1 Top Canadian Stock That Looks Severely Underpriced

Mr. Market doesn’t always make mistakes, but when he does, investors should be in a spot to capitalize.

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Mr. Market doesn’t always make mistakes, but when he does, investors should be in a spot to capitalize. Indeed, the lower a market cap, the less likely a market price (the price of a stock at a given time) is in line with its intrinsic value.

Undoubtedly, it’s not easy to reach an intrinsic value estimate. One must conduct a thorough analysis of company-specific fundamentals, the macroeconomic environment, industry conditions, and the wide range of risks that could strike, even those that seem less plausible. Undoubtedly, high-impact events of low probability still must be considered in the valuation process. In the era of COVID, the valuation of companies has become that much harder, given the profoundly unpredictable nature of the insidious coronavirus and its many variants.

Discovering underpriced stocks isn’t easy, especially in today’s environment

In any case, one must still put in the effort to get the most value of every investment they’ll make. It can take weeks to put in the homework, but it’s worthwhile, so one knows exactly what to do once the market tides turn south, possibly in a hurry. Despite putting in all the due diligence, one is bound to be thrown a few surprises that were never even on their radar. When such surprises happen, one must re-evaluate their theses to determine if the long-term fundamentals are impacted. If so, they should determine by how much and whether not the damage done to the stock is overblown, given the introduction of new risks or any decay in one’s original investment thesis.

If a selloff on bad material news is overblown, one may wish to top up their position on a dip. If the thesis changes for the worst due to poor management or a rise in competition, one may want to trim their position. In any case, this piece will present one Canadian stock in the former category — oversold stocks with long-term fundamentals that still seem as robust as ever. Consider toy company Spin Master (TSX:TOY).

Spin Master: Discounted growth prospects and a low bar ahead of earnings

I’ve been pounding the table on Spin Master stock through the year, noting that strength in the digital games business was likely underrated by investors and analysts. The toymaker proved its resilience through 2020. Yet here we are again; the stock is dipping, as Omicron variant fears pick up. The stock is now in a correction, down over 14% from its recent high of $34 and change per share. Undoubtedly, investors fear that Omicron could pave the way for reduced demand and further supply chain issues. Given a muted holiday season of sales is already baked in, I’d argue that Spin is both a growth and value play at this juncture.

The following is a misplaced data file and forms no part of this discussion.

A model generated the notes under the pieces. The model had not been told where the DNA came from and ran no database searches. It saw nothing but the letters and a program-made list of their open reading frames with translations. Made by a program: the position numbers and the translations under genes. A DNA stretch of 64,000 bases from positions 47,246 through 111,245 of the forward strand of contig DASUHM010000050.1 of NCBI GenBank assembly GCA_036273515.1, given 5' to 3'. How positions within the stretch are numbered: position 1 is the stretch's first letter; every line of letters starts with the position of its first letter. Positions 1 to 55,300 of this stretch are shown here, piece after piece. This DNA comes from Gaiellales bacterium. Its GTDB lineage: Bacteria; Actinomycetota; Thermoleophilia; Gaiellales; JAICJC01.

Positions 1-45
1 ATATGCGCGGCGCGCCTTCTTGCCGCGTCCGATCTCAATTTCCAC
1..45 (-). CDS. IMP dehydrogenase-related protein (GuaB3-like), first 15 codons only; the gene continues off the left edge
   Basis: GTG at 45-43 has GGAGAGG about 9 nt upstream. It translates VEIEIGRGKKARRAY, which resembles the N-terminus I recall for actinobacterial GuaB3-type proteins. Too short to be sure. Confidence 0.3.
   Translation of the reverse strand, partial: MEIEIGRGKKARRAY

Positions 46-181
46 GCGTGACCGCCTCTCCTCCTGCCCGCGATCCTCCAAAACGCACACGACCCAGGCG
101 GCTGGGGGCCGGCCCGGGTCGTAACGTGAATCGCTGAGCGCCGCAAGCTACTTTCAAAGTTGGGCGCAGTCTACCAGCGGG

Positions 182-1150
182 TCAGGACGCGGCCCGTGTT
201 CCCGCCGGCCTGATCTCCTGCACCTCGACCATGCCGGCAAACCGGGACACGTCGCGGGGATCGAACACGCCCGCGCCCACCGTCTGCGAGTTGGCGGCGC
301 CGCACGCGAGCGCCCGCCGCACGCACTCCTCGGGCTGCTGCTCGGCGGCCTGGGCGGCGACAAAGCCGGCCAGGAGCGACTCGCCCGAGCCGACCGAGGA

The stock trades at 20.6 times trailing earnings. It’s not necessarily cheap, but given the firm’s growth prospects in digital gaming, I’d argue that the valuation makes zero sense. Moving forward, I think Spin could be dealt the perfect combo of multiple expansion and better-than-expected earnings. The former driver should appear over time, as investors better respect the firm’s digital growth prospects and its potential to break into the metaverse.

The metaverse is more than just a Silicon Valley buzzword. It could be the next frontier, and Spin looks to be in great shape to make the jump, whenever it may be.

This article represents the opinion of the writer, who may disagree with the “official” recommendation position of a Motley Fool premium service or advisor. We’re Motley! Questioning an investing thesis — even one of our own — helps us all think critically about investing and make decisions that help us become smarter, happier, and richer, so we sometimes publish articles that may not be in line with recommendations, rankings or other content.

Fool contributor Joey Frenette has no position in any of the stocks mentioned. The Motley Fool owns shares of and recommends Spin Master Corp.

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